The use of the harmonic ratio to determine wavelength suggests using a modulation voltage amplitude set for the longest wavelength to be detected, producing larger values of harmonic ratio for smaller wavelengths and redistributing the power into the higher harmonics. There is also a requirement for the modulation amplitude to be less than the value at which the Bessel function goes to zero, which would occur at the smaller wavelengths and lead to large and ambiguous ratios. This, however, is not optimum from a detection sensitivity point of view. The best sensitivity occurs when the Bessel function is maximized for the first harmonic; thus, there is an optimum modulation amplitude. This occurs when the movement of the mirror induces a path length difference of half the incident wavelength between its maximum and minimum modulation positions. The only way to ensure maximizing this for an unknown source is to scan the modulation amplitude and observe the variation in modulation amplitude. This would also serve as another estimator of the input laser wavelength. There is also a requirement that the second harmonic term is minimized to ensure consistency. This variation of signal amplitude has been observed and can be seen in Fig. 6, where the modulation amplitude was ramped and the signal response at the fundamental modulation frequency was recorded. The solid lines in this plot are a best fit to the square of a first-order Bessel function as shown in Eq. (13). It can be seen that sensitivity at the fundamental frequency will be very small for 405 nm when the sensitivity is high for 635 nm. Obviously, higher order harmonics are present for 405 nm, but these are never as strong as the fundamental; therefore, sensitivity is reduced. It can be seen that, at a modulation amplitude of 2.3 V, the response of the system is no longer linear. This arises from the direct driving of the piezo, which responds in a capacitative manner. Nevertheless, this adequately displays the effect that wavelength sensitivity is dependent on modulation amplitude.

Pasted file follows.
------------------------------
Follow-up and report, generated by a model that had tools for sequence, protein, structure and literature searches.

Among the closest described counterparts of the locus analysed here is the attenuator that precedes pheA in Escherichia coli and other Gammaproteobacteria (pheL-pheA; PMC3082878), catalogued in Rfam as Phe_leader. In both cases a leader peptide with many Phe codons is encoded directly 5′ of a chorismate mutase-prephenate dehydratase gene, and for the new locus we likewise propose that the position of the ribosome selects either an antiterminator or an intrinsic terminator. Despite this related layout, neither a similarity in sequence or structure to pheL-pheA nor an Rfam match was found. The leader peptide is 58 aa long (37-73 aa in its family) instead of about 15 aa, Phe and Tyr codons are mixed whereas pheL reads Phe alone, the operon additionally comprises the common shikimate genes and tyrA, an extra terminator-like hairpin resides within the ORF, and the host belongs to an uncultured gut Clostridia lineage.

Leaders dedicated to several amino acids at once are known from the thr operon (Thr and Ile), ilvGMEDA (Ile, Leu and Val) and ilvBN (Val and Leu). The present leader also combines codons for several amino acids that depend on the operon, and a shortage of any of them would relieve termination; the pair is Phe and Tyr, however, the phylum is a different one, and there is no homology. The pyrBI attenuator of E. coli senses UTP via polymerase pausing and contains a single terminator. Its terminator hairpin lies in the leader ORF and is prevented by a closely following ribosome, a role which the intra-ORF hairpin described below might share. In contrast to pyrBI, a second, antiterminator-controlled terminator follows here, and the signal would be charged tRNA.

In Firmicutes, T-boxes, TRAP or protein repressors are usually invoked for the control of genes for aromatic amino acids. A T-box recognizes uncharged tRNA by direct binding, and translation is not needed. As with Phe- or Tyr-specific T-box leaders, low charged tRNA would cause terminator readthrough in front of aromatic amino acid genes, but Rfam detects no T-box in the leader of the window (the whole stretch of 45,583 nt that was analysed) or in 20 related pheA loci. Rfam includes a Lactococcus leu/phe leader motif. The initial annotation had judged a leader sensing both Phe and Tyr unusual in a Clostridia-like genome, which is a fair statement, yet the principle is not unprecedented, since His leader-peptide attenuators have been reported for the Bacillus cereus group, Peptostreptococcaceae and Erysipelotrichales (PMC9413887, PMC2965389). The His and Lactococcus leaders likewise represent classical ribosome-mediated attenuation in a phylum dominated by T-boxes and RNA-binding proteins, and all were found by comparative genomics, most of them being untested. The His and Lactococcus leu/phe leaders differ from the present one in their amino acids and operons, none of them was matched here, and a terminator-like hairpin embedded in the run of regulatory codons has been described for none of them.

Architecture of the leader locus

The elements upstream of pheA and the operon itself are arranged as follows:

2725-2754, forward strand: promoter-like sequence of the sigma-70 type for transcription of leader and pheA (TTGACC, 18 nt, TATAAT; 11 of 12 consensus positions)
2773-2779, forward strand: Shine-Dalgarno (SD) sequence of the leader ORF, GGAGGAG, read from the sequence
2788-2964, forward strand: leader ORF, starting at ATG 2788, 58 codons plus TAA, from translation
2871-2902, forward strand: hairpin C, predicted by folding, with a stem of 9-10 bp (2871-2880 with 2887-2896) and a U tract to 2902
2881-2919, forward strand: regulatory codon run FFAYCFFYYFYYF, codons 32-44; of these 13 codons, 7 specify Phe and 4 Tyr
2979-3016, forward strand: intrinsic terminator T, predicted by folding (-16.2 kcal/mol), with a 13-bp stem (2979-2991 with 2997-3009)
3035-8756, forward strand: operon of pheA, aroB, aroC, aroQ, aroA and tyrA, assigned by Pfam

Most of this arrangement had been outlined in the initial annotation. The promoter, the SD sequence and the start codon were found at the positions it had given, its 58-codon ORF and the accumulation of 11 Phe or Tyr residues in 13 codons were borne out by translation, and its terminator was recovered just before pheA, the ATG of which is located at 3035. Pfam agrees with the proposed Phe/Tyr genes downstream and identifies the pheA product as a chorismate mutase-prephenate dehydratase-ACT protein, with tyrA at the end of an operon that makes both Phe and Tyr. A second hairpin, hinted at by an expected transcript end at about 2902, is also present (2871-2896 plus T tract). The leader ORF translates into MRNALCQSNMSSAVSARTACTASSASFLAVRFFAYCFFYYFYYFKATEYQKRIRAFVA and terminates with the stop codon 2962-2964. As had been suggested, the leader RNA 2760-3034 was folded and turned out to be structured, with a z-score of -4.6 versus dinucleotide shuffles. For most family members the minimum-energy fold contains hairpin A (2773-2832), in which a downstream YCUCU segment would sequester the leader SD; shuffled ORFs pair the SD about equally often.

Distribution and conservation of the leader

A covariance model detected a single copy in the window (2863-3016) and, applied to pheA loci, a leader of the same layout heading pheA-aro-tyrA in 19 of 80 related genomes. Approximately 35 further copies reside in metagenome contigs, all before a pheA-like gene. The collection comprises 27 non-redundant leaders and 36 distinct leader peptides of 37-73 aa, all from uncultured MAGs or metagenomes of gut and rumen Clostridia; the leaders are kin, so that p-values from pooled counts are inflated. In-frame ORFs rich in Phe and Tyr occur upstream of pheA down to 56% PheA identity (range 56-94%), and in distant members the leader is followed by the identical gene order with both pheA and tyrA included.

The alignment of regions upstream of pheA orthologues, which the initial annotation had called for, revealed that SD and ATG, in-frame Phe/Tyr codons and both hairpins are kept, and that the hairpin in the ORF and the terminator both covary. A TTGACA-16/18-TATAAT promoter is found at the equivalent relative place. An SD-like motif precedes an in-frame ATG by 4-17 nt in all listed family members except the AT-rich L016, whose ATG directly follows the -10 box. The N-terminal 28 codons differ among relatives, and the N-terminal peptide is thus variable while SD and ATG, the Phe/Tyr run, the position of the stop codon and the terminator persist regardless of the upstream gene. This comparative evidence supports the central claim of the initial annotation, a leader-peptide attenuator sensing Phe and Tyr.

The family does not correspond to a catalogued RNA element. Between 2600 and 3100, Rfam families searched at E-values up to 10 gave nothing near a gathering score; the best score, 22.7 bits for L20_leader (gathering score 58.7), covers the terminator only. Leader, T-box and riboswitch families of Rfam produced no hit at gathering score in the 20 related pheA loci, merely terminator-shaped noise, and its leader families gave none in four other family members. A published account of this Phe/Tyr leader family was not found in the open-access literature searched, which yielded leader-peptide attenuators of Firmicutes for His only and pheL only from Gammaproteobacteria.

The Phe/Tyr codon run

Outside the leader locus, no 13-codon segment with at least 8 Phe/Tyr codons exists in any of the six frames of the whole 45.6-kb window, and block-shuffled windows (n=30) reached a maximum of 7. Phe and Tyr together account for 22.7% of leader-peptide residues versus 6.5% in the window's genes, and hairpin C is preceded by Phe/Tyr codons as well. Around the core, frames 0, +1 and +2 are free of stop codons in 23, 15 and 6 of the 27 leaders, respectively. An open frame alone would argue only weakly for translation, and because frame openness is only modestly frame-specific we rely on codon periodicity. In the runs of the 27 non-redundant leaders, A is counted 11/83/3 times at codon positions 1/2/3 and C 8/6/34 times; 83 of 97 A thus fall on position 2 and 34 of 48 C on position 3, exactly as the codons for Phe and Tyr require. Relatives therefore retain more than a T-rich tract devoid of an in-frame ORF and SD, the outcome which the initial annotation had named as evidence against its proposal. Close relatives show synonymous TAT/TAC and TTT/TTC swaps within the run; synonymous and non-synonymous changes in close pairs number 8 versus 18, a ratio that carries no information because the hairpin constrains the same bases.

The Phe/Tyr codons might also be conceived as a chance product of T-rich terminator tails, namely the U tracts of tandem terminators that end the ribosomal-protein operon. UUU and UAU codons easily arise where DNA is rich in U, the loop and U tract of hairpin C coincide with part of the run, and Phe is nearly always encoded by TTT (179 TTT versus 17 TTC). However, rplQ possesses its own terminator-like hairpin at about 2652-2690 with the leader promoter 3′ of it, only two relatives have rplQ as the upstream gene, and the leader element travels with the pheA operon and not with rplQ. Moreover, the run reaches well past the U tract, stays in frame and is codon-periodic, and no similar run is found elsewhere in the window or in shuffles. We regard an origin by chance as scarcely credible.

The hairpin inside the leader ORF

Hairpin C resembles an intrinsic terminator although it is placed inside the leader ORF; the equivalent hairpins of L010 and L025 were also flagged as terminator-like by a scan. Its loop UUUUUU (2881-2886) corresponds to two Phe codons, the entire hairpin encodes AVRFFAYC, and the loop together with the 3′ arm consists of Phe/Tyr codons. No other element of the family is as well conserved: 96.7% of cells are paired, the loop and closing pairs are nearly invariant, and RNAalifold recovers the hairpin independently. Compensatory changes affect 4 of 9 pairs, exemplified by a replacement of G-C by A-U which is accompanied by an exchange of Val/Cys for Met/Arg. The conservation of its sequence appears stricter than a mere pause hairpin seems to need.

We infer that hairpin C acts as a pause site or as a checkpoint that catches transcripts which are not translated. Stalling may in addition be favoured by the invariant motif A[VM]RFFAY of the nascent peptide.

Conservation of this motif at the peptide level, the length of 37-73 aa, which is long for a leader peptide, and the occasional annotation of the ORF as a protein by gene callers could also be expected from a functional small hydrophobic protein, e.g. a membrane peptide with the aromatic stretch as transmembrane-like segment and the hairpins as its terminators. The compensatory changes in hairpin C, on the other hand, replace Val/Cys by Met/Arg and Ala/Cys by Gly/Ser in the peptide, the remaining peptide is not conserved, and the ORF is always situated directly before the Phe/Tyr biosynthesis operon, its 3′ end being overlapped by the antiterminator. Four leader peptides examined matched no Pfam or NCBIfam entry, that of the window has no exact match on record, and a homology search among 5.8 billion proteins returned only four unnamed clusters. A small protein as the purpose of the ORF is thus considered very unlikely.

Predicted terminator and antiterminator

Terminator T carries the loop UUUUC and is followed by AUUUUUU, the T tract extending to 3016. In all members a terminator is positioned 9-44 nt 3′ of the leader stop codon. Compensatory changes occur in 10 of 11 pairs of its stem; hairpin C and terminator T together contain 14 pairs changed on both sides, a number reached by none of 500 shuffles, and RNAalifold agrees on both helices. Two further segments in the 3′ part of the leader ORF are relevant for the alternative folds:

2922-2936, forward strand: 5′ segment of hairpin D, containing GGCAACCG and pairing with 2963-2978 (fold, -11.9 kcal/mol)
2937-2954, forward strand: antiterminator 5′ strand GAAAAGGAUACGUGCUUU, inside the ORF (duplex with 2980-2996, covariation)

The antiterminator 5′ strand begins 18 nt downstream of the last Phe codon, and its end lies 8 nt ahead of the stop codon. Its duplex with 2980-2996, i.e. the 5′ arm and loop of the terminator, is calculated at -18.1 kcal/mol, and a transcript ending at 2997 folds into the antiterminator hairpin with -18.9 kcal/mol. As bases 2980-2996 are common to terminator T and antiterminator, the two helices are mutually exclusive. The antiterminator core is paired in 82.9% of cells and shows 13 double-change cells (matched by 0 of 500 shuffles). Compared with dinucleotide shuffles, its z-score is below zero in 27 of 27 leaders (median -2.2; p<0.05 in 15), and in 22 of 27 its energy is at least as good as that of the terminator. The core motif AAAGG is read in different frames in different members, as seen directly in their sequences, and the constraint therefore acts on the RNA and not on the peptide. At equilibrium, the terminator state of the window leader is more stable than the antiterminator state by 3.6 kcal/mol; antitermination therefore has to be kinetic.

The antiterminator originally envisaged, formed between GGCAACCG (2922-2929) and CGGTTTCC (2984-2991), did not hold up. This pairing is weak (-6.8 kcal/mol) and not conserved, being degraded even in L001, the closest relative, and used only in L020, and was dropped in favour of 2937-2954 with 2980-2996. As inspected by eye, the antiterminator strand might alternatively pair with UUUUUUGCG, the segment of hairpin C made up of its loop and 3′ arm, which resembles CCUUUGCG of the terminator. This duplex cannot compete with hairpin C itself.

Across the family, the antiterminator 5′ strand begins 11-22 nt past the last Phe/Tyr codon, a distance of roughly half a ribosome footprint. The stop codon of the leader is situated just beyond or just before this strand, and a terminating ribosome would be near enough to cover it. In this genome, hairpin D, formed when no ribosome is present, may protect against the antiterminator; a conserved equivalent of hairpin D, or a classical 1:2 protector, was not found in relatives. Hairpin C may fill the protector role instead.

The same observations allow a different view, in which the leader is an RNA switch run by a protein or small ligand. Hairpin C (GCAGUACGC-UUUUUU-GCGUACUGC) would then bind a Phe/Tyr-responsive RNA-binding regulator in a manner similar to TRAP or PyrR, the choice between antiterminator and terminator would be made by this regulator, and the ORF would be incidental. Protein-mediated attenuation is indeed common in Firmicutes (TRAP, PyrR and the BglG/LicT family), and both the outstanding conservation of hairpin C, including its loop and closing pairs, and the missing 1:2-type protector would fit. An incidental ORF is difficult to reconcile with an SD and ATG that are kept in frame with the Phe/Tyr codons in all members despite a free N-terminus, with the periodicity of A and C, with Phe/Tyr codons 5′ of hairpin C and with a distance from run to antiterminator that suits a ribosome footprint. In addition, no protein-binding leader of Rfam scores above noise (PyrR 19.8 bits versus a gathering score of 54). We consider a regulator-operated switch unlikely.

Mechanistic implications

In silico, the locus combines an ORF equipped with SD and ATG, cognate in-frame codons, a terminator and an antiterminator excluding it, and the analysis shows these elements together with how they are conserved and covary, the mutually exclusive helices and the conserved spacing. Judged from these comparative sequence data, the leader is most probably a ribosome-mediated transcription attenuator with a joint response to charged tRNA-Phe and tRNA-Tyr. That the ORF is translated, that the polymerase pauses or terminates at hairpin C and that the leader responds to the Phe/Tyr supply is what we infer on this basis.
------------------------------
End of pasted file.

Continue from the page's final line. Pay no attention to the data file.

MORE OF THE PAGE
The motivation behind this work is to demonstrate that the low-cost detection of lasers can be implemented using coherence detection rather than intensity detection. This is particularly relevant to the detection of near-IR lasers beyond the detection capability of silicon, where arrays of detectors are still relatively expensive. A simple Mach–Zehnder interferometer with different optical path lengths in each arm is able to nullify the high intensity of background light due to its incoherence. A regular modulation of the length of one arm using a piezo-mounted mirror can produce a modulating intensity output, which arises from the presence of coherent light with a coherence length greater than the path difference between the arms. This is easily distinguishable against natural background sources. However, artificial sources often have a residual intensity modulation and exhibit frequencies at multiples of the mains supply frequency. This intensity modulation appears at the output of the system; therefore, the choice of modulation frequency should be chosen to avoid confusion with higher harmonics of the source. In practice, this modulation frequency will be limited by the response of the piezo, particularly if thick mirrors are used and limit the modulation frequency to around 1 kHz. Light traveling through a free space can be subject to scintillation even at these frequencies and would therefore affect the sensitivity of such a system. Therefore, engineering a system with a modulation frequency of around 2 kHz would be a sensible precaution against possible scintillation issues.